Despite the agenda of others, perhaps including his own wife, Bowie did not seek to challenge norms related to gender in the hope of changing broad public attitudes. To the extent the exercise held any commercial value for Bowie, it had to be shocking for a man to show up wearing a dress. But the act of doing so has, over the past half-century, contributed to a cultural shift such that gender fluidity and sexual orientation has become much more widely accepted. Today it would hardly be shocking for a man to show up in a dress. That wouldn’t have happened had Bloom’s style of conservatism held its ground. Bloom himself was gay, but ironically, his defense of old values made it tougher for him to find a place to authentically exist within society, while Bowie, who embraced artifice and made a deliberate effort to be provocative, found it easier (and made it easier for others) over time.

On this issue in particular, its worth noting that Bowie continued challenging gender norms through his very last album. Young Americans (1975) was Bowie’s first album after he took down the vermillion mullet, and at first glance it is absent of gay or nontraditional gender related themes. But while he was promoting the album, he also performed and recorded “John, I’m Only Dancing (Again), an updated version of his earlier song that is widely believed to celebrate bisexuality. Lodger’s “Boys Keep Swinging” might seem, by virtue of its title, to be gay-themed. The lyrics suggest otherwise, but Bowie appears in drag in the video not once, but as three different feminine figures. That same year he appeared on Saturday Night Live wearing a skirt suit, and accepted a full-on-the-mouth kiss from a male fan in the video for “D.J.”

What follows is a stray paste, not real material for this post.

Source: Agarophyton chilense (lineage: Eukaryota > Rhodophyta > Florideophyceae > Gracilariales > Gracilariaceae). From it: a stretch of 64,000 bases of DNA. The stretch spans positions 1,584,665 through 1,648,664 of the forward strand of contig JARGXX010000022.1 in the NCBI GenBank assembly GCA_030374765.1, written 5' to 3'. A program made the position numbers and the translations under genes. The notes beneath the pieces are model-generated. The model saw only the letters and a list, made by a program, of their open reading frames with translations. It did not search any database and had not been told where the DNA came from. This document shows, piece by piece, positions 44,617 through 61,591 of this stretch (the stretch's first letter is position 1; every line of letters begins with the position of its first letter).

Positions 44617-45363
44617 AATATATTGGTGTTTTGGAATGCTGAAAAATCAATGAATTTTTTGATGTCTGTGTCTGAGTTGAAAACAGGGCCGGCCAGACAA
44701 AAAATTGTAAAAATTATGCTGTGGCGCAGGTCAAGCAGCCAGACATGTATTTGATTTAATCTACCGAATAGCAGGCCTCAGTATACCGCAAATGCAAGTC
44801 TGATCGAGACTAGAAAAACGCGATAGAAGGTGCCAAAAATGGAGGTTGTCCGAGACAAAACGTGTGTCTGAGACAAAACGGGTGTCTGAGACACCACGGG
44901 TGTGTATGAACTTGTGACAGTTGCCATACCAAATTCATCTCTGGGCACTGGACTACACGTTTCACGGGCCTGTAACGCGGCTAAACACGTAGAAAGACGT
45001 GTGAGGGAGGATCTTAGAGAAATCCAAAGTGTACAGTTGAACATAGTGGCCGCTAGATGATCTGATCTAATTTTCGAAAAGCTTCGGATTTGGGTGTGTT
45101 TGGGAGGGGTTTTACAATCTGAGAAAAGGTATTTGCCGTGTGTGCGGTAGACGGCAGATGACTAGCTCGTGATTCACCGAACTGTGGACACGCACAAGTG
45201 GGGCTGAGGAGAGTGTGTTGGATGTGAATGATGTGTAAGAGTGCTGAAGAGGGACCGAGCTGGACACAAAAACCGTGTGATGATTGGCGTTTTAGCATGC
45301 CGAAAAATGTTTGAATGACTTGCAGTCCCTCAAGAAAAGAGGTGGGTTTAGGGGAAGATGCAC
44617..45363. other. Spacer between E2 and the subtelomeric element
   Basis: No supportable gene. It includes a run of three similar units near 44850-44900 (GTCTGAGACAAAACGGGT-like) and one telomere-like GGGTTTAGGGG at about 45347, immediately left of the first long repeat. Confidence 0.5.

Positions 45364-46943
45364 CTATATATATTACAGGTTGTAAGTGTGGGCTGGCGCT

The following year, on Scary Monsters (and Super Creeps) (1980), Bowie included three songs that touched on issues having to do with gender and sexual orientation. The first song, “It’s No Game (No. 1)” features the masculine vocals of Michi Hirota, a Japanese woman performing in a way to “break down a particular kind of sexist attitude about women.” “Scream Like a Baby” lamented that “they came down hard on the faggots,” and “Teenage Wildlife” includes the line, “Same old thing in brand new drag comes sweeping into view.” Bowie wouldn’t record another complete album for three years until he reemerged as the mainstream and seemingly heterosexual pop star of Let’s Dance. But even in that album Bowie snuck in a cove of the gay-themed “Criminal World,” which few seemed to pick up on at the time.

The hyper-masculine Tin Machine band was not at all androgynous, even decorating its second album cover with the image of anatomical statues of naked men. Nonetheless, Tin Machine II (1991) contained a cover of Roxy Music’s “If There is Something.” Bowie viewed Roxy Music as one of the legitimate originators of glam, along with himself and T-Rex. The song isn’t gay-themed, but it’s a reminder of where Bowie came from. Similarly, Black Tie White Noise (1993) included a cover of Morrissey’s “I Know Its Gonna Happen Someday” (does that one need further explanation?)

Bowie returned to his more overt ways with “Hallo Spaceboy” from 1. Outside (1995), in which he asked the musical question, “do you like girls or boys?” To promote his next album, Earthling (1997), Bowie included a video for “Little Wonder” featuring an androgynous Ziggy clone wandering around town. The video for “The Stars Are Out Tonight” (2013) includes an androgynous spirit, and promotional material for the song included an image of Bowie as Tilda Swinton and Swinton as Bowie. Bowie’s final album, (2016) includes the song “Girl Loves me” which employs the gay cant, “Polari.